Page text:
Röyksopp goes from mellow to compulsive, so change your shoes.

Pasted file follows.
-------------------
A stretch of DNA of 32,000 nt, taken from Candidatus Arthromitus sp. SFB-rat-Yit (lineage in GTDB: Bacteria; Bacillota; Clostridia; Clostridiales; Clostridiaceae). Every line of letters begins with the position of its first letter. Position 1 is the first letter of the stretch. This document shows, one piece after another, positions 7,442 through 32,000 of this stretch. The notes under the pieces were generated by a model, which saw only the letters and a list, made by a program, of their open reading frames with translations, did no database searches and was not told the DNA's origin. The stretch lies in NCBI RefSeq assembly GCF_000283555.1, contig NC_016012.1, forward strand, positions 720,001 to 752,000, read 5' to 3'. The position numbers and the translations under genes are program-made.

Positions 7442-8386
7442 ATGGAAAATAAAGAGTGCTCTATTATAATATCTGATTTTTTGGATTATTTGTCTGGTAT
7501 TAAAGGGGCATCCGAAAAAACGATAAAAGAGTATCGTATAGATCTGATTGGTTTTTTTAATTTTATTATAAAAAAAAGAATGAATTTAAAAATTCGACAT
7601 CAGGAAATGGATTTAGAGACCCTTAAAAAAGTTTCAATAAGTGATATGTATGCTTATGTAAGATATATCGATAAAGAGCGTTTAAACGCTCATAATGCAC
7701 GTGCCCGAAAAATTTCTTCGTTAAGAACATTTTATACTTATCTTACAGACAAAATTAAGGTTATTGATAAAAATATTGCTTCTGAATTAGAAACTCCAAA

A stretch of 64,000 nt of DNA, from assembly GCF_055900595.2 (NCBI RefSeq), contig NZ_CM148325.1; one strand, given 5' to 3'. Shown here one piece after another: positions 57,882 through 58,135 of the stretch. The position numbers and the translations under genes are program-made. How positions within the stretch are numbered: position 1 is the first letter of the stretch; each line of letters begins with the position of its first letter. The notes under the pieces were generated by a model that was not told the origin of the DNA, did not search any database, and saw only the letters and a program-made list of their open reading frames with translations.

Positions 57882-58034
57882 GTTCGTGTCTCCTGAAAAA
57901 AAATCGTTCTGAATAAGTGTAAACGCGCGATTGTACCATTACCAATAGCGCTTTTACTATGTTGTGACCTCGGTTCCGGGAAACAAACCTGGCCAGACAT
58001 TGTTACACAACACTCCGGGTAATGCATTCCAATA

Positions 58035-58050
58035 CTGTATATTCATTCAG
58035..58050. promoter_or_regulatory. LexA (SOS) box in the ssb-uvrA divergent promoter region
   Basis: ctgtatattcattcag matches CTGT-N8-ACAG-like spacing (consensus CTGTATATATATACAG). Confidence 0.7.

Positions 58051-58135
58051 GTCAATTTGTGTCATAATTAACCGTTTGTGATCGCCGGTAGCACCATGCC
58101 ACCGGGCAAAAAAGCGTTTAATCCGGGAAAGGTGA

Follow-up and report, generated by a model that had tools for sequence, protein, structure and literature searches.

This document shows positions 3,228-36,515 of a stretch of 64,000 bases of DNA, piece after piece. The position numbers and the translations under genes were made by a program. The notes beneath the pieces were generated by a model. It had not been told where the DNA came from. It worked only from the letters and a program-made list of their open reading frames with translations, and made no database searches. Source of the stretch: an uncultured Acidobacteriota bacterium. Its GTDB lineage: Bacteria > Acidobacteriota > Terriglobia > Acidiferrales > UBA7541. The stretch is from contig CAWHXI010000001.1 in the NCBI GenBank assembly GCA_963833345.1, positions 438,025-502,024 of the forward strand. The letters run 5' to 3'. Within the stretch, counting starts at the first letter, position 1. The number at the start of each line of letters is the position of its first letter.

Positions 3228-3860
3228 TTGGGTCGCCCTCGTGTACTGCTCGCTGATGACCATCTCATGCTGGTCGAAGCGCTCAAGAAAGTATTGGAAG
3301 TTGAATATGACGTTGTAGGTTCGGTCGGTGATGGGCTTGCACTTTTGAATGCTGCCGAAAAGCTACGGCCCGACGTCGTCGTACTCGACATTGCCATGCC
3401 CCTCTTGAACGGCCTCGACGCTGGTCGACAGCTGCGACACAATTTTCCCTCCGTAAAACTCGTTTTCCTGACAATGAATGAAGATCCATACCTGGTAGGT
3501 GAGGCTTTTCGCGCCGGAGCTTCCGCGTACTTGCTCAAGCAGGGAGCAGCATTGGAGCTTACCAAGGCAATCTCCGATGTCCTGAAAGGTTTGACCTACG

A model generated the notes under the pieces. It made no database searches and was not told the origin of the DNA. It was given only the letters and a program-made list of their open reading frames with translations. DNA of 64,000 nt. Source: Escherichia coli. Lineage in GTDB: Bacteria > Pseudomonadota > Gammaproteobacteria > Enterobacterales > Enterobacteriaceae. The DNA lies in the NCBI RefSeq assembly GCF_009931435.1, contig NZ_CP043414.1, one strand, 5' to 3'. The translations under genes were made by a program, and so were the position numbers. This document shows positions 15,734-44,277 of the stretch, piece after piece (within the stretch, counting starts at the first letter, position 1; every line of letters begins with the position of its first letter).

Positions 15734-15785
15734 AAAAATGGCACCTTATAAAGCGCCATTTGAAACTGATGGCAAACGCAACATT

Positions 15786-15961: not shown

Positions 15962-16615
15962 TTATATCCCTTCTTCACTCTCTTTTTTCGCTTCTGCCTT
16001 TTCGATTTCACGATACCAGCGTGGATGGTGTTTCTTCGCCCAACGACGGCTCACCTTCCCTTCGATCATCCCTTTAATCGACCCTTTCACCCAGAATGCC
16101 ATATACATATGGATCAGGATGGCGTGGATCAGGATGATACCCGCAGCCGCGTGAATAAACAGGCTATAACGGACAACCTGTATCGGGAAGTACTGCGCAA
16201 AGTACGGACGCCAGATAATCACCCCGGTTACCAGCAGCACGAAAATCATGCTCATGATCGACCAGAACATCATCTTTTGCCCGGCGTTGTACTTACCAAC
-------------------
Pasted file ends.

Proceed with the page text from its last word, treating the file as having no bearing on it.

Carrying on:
Röyksopp's debut disc, Melody A.M., produced mood-setting mix-tape fodder and soundtracked any room at a rave that came with a couch. The Understanding starts in the same vein, with parochial piano and a gentle percussive pulse, but then it turns the beat around, disco-style. Bop-gun bloops, vocoder murmurs, quick-click drums, handclaps, an awestruck-choir effect, a sampled dude yelling "yeah" -- all these elements appear during up-tempo numbers. The Norwegian duo enhances its airy vocals with supplementary singers; Chelonis R. Jones adds R&B flava, Kate Havnevik wails in dance-diva fashion, and Karin Dreijer describes "flashlights and explosions" in a wide-eyed warble. The record's centerpiece is the eight-minute "Alpha Male," which sprawls like a '70s prog suite right down to the flute solo. Opening with an ambient yawn and keyboard-generated horn fanfare, the song evolves into a techno thumper with an elastic "Humpty Dance" bass line, then fades back into hibernation mode. It plays like a single-song career study, merging the group's somnolent origins with its groove-driven present, and the stark contrast flatters the latter. Röyksopp's chill-out approach had its charms, but its fast-paced material is a lot more fun.